Holly Dunn Biography
Born and raised in San Antonio, Texas, this talented and pretty preacher's daughter burst onto the country music scene in 1986 with the self-penned homage to her Dad, "Daddy's Hands." From that point on, Holly Dunn wrote her own name in the annals of country music history as one of the first female artists to write, produce and run her empire when women were still considered "girl singers," and record labels were still dictating everything from song selection to hair style.
Plucked from the obscurity of studio session singer/songwriter in 1985 by MTM Music Group, Holly quickly rose to the top of their fledgling roster by writing and producing three hit albums containing her first six hit singles, two of which were number ones. During her MTM days, Holly also garnered the first of many awards and nominations to come her way. Between 1986 and 1989 when the label closed it's doors due to squabbling amongst the owners, Holly had racked up an impressive three Grammy Award nominations, and brought home the ACM New Female Vocalist Award (1986) and the coveted CMA Horizon Award (1987). However, she wasn't "Dunn" yet! Before she left MTM, she was also named BMI Songwriter Of The Year (1988), and was inducted into the Grand Ole Opry (1989).
After MTM, landing a major recording contract with Warner Brothers Records was a snap for the fastest rising star in Nashville. In fact, the president of the label signed her himself. Holly's five years with Warner Brothers continued the upward trajectory of her career, with four hit albums including a greatest hits package called, "Milestones" and two more number one singles. The "Milestones" album was certified Gold shortly after release.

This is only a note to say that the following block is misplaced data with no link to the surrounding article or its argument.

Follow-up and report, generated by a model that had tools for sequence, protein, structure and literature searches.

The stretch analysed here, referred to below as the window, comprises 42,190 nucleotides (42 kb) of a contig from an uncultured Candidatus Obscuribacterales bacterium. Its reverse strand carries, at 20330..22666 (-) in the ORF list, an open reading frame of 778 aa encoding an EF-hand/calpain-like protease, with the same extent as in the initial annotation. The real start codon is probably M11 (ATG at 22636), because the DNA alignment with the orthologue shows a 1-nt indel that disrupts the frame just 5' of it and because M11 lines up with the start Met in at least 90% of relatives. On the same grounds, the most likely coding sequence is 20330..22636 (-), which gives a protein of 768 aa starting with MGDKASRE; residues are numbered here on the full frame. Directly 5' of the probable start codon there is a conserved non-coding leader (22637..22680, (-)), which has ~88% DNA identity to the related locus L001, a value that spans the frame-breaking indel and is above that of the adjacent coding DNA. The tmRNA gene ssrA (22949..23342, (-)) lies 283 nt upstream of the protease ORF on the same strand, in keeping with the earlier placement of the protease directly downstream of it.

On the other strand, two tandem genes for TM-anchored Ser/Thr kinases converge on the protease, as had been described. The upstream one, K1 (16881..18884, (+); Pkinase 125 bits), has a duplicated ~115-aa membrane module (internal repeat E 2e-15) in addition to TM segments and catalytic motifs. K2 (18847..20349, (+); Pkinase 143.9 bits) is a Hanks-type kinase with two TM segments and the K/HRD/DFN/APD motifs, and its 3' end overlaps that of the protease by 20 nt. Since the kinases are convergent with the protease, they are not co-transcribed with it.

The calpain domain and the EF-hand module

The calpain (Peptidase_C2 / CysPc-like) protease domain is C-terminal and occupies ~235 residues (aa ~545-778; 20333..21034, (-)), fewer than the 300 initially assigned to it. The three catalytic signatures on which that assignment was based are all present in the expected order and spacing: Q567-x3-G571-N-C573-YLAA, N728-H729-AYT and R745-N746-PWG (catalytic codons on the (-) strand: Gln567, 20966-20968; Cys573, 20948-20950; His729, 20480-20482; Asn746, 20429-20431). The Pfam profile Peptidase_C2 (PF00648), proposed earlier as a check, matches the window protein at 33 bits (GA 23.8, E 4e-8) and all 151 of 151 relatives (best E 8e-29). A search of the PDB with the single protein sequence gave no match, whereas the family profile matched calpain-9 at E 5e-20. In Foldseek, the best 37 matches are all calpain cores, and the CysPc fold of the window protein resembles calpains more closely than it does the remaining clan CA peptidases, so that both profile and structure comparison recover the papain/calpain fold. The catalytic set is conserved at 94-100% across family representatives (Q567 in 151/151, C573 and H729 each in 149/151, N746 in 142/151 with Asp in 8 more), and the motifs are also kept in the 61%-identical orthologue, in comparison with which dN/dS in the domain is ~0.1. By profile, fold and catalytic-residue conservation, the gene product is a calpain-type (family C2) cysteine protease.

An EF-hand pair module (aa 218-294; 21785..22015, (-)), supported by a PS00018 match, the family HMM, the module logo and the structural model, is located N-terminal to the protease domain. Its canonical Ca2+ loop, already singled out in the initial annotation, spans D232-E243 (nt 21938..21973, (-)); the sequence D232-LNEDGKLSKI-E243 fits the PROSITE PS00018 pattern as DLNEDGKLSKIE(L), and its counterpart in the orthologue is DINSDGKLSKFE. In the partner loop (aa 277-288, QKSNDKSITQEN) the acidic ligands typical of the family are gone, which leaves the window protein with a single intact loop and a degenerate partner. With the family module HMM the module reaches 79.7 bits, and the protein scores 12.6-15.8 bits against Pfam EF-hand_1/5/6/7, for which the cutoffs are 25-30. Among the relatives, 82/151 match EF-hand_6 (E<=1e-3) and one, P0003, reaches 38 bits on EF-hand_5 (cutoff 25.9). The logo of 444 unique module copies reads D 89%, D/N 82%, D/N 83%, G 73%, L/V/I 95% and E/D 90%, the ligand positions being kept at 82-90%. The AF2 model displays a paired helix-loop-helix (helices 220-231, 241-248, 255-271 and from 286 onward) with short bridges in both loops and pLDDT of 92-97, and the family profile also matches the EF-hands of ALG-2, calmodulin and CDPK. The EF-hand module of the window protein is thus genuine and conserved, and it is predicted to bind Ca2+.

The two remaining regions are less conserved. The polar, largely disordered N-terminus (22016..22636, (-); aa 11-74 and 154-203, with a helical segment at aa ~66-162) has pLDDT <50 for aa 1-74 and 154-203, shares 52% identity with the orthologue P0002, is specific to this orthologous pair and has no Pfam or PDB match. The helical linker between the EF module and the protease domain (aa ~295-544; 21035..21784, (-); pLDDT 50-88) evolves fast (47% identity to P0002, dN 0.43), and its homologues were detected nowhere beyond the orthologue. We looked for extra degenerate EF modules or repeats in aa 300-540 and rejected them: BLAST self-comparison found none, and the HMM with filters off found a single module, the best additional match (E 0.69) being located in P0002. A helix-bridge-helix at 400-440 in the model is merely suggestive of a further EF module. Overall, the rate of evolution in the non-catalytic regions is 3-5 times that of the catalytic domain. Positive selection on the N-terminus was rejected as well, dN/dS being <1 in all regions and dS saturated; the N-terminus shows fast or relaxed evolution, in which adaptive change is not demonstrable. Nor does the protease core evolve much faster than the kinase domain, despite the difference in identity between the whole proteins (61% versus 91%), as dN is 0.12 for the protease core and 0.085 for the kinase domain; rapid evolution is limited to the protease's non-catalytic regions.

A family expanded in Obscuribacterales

Life for a singer at the top of the charts is a blur of press junkets, TV appearances and non-stop touring, with only time off to write and record the next album project. By 1993, Holly had recorded seven albums, played for millions of adoring fans all over the world, and was ready to step back a little and re-evaluate her career. She and Warner Brothers parted ways in April of that year, and for the next two years, Holly continued to write songs and tour while assessing her options.
In 1995, a boutique multi-media company out of Chicago called Platinum Entertainment was looking for an established recording artist to be the cornerstone of their new Nashville based record label, River North Records. Holly was the obvious choice. While River North got off to a good start, it was hard going as an independent label competing against the giants of the industry. So, in a move that would echo her first record label experience, River North closed their doors in 1997 after just two years, and two albums on Holly.
While the label closure was a setback, 1997 would also prove to be a year of great growth and transition for the singer. In a pioneering move, WWWW (W-4) Radio in Detroit, Michigan offered Holly the morning DJ spot, making her the first country music personality to have their own major market radio show. Having done radio as a broadcasting major back in Texas at Abilene Christian University, Holly stepped up to the mic like the pro she is, and helped turn an experimental concept into a roaring success. During her year's commitment to the station, Holly's morning show had a daily listenership well exceeding 300,000, and she was asked to speak on a panel at that year's National Association of Broadcasters Convention.